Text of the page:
Slide36

Time Complexity (cont’d)

The time to initialize the priority queue is

The time needed to select

is

since it involves finding and removing the

minimum element in a heap.

Thus, the total time of the algorithm is

which is considerably better than

for sparse graphs. Data Structures and Programming Techniques36

Slide37

The All-Pairs Shortest Path Problem

Suppose we have a weighted digraph that gives the flying time on certain routes containing cities, and we wish to construct a table that gives the shortest time required to fly from any one city to any other.This is an instance of the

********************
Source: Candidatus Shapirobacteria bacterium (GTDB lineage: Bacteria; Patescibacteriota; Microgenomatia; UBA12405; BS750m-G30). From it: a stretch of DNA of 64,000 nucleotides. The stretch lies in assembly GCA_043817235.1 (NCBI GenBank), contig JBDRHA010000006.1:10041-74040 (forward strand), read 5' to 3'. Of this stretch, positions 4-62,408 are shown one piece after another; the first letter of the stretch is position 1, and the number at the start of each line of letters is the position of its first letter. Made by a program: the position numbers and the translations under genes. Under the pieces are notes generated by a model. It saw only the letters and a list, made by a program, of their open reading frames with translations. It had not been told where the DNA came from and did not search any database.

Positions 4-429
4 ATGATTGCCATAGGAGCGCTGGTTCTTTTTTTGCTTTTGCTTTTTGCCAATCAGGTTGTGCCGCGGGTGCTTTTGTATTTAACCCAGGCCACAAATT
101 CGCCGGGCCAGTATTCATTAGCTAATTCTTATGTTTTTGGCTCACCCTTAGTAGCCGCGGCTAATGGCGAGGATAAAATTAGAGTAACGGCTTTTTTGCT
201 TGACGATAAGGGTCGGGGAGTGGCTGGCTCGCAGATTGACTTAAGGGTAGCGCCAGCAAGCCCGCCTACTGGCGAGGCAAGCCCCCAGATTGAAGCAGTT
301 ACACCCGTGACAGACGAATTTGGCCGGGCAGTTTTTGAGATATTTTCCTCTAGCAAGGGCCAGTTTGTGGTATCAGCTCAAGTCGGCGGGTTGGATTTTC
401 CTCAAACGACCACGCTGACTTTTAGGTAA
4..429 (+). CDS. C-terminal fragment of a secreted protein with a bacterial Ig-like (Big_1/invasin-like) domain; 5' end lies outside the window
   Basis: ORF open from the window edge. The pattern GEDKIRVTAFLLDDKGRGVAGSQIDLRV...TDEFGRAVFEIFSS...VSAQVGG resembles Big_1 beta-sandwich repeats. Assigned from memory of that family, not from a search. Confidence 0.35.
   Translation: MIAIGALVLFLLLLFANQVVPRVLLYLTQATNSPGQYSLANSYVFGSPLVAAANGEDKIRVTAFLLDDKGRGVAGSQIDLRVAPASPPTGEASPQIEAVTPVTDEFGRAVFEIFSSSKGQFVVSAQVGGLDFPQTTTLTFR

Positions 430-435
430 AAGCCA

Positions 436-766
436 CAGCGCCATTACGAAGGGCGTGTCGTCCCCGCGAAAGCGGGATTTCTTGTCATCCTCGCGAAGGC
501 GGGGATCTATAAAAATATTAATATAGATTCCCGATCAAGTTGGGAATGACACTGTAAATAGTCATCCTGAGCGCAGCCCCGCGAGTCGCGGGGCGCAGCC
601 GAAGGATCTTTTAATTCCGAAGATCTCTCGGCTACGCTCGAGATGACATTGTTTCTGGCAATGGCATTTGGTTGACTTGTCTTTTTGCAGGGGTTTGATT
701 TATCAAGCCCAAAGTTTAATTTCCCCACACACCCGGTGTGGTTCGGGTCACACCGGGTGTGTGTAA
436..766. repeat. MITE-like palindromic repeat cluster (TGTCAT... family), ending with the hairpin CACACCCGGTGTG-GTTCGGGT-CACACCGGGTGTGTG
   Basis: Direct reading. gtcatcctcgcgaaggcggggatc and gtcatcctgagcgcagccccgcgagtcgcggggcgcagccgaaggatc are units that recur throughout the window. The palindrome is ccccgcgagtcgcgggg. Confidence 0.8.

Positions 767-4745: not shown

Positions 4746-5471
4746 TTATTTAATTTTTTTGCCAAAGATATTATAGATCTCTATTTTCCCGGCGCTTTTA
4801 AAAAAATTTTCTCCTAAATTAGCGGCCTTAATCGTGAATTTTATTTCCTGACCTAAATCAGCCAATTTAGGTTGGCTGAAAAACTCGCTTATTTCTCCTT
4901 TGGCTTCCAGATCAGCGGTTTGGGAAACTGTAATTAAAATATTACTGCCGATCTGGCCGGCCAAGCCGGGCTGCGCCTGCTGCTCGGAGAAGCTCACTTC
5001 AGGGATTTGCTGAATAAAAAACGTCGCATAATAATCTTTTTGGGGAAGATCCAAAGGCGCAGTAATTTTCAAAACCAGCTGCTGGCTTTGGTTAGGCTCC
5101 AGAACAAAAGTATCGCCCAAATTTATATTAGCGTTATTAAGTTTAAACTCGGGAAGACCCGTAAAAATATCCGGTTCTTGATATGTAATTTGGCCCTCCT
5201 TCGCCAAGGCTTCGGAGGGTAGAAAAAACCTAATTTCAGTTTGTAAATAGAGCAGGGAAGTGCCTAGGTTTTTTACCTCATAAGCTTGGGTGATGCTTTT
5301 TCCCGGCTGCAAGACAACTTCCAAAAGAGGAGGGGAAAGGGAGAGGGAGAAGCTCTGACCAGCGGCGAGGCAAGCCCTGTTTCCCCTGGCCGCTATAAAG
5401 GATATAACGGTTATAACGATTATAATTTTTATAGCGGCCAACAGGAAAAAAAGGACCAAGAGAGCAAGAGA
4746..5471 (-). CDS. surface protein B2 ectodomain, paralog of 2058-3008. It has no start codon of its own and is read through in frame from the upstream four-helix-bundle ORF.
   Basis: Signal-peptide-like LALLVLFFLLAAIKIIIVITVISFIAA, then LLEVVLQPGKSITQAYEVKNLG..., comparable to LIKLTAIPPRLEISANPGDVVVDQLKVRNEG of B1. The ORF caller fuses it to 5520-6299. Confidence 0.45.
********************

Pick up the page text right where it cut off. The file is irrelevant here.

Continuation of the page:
all-pairs shortest path problem.

Data Structures and Programming Techniques

37

Slide38

The All-Pairs Shortest Path Problem (cont’d)

More formally, let

be a weighted directed graph in which each edge (

has a non-negative weight

The

all-pairs shortest path problem

is to find for each pair of vertices

, the shortest path from

to

We could solve this problem by running Dijkstra’s algorithm with each vertex in turn as a source.We will present a more direct way of solving the problem due to R. W. Floyd. Data Structures and Programming Techniques38

Slide39

Floyd’s Algorithm

Let us assume that vertices in

are numbered with

. The algorithm uses an

matrix

in which to compute the lengths of the shortest paths.

We initially set

for all

If there is no edge from

to , we assume Each diagonal element of is set to 0. Data Structures and Programming Techniques39

Slide40

Floyd’s Algorithm (cont’d)

The algorithm makes

iterations over the matrix

After the

-

th

iteration

,

will have as value the smallest length of any path from vertex